In 1987 single mother Mary Ellen Renard was strangled, repeatedly stabbed, and left for dead in her New Jersey apartment. Her vicious assailant had already killed once - and would kill again. But unlike the fiend's other victims, Mary Ellen lived to tell the tale.
Clean-cut, popular, and on the fast track at a multinational computer firm, Rutgers grad Edwin "Ned" Snelgrove shocked friends and colleagues with a plea bargain for Renard's brutal attack - and the heinous 1983 murder of college girlfriend Karen Osmun. Vowing never to be caught again, Ned spent his time in prison obsessively studying the violent career of his idol Ted Bundy...then was released 10 years early for good behavior
Unflinching and brilliantly researched, this is an exclusive tour into the twisted mind of an all-American killer and a state attorney's tireless efforts to lock him away forever.
©2008 M. William Phelps; (P)2008 Brilliance Audio, Inc.
My only fear about the book "I'll Be Watching You", by William Phelps was I might have been fired from my job if any person saw me listening to it while working.
Between Phelps and his reader J. Charles, it was impossible for me to be disappointed. The characters are real. There will be times while listening, you will also have problems taking off your headset.
Ned is a SERIAL KILLER. As I listened to this fantastic Audio Book, my imagination went wild. I actually felt as if I was looking through a window experiencing the entire story.
For me, regardless of any negative reviews from others, "I'll Be Watching You" ranks in my top five True Crime Books I have ever read.
Say something about yourself!
I thought this was a very interesting story! True crime at its best! I really like this author, he is in my opinion, one of the best true crime writers and I've listened to several. This book made me sad for the victims of this psychopath and mad that our justice system is so messed up! In the end justice finally prevailed but too bad another life had to be taken first! The narrater was awesome! Best narrater I have ever heard! Can't wait to listen to him again! Thanks J. Charles!!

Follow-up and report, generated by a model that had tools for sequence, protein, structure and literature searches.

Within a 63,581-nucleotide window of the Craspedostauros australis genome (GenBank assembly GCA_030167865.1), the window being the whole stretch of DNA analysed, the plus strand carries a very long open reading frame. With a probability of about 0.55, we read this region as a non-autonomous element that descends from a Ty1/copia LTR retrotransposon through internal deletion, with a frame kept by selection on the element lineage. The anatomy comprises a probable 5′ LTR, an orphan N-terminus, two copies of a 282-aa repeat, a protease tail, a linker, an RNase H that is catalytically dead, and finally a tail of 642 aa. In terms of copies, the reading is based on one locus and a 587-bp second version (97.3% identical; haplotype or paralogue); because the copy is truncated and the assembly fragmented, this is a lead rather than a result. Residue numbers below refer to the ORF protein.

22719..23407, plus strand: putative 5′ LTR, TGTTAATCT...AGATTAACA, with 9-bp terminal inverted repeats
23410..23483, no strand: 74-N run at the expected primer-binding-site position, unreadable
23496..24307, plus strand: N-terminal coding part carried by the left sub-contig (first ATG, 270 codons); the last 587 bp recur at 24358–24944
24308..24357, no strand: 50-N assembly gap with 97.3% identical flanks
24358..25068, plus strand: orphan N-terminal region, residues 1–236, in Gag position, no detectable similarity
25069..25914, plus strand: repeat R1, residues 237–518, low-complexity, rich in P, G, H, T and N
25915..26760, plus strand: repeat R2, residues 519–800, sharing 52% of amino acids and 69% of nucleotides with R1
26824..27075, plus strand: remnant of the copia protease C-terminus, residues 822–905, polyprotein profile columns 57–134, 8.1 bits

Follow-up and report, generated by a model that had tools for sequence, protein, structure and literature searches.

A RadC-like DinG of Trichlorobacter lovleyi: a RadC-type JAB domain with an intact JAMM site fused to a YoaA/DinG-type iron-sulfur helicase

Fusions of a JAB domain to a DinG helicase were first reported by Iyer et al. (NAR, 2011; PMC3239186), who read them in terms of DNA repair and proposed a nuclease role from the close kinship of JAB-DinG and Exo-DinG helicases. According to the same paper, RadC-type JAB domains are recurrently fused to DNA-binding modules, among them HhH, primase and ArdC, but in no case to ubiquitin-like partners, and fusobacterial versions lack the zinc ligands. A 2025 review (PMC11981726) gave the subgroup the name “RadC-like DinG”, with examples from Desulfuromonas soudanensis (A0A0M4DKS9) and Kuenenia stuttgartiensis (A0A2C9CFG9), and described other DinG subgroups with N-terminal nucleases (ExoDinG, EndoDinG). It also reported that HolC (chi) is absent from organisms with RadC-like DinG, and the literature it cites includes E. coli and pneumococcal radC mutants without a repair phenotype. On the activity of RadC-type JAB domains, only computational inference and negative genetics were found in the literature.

I think that the story is good and I personally enjoy true crime stories, however the narration is dull. And kind of monotone. I actually fell asleep listening to this. I had to restart several times. Finally just gave up.
I really don't know
Probably better off reading the book than listening to it. The narrator can't seem to convey the author's words with the correct inflection or establish a mood for the book.
I didn't like this book nearly as much as "Obsessed". Again, I had issues with the flippant cavałier tone of the narrator. Murder is serious business, yet J. Charles reads like this is a Dr. Suess book! The story is about a serial sexual killer more diabolical and frightening than his "mentor" Ted Bundy, but the narrator never gives the listener any sense of dread or fear. I got the impression that this was some kind of humorous fiction account, not an actual true crime. As a family member of a victim of a senseless and still unsolved murder, I can tell you first hand that the loss of a loved one is no laughing matter. However, in his defense, Charles is just reading what author Phelps wrote.
Not only is the killer unlikeable but I found Phelps' depictions of the victims and their surviving members unsympathetic. Even stories about prostitutes as victims are more respectful than these poor women. Who cares if they had a history of failed marriages or if they liked to hang out at neighborhood bars? Why was it necessary to tell that one woman, when faced with the need to house and feed her family, chose state assistance over even THINKING about getting a job? She then promptly moved in some man - all while on the dole of the state of Connecticut, then spent that money on liquor! Still, no one deserves to be butchered and terrorized. I failed to see how all of this non-essential minutiae has anything to do with the fates of the victims.
I so enjoyed "Obsessed" after getting over J. Charles narration and was hoping that this book would be as good. But at 14 hours and 38 minutes, it is yet another book "best served abridged"!
Report Inappropriate Content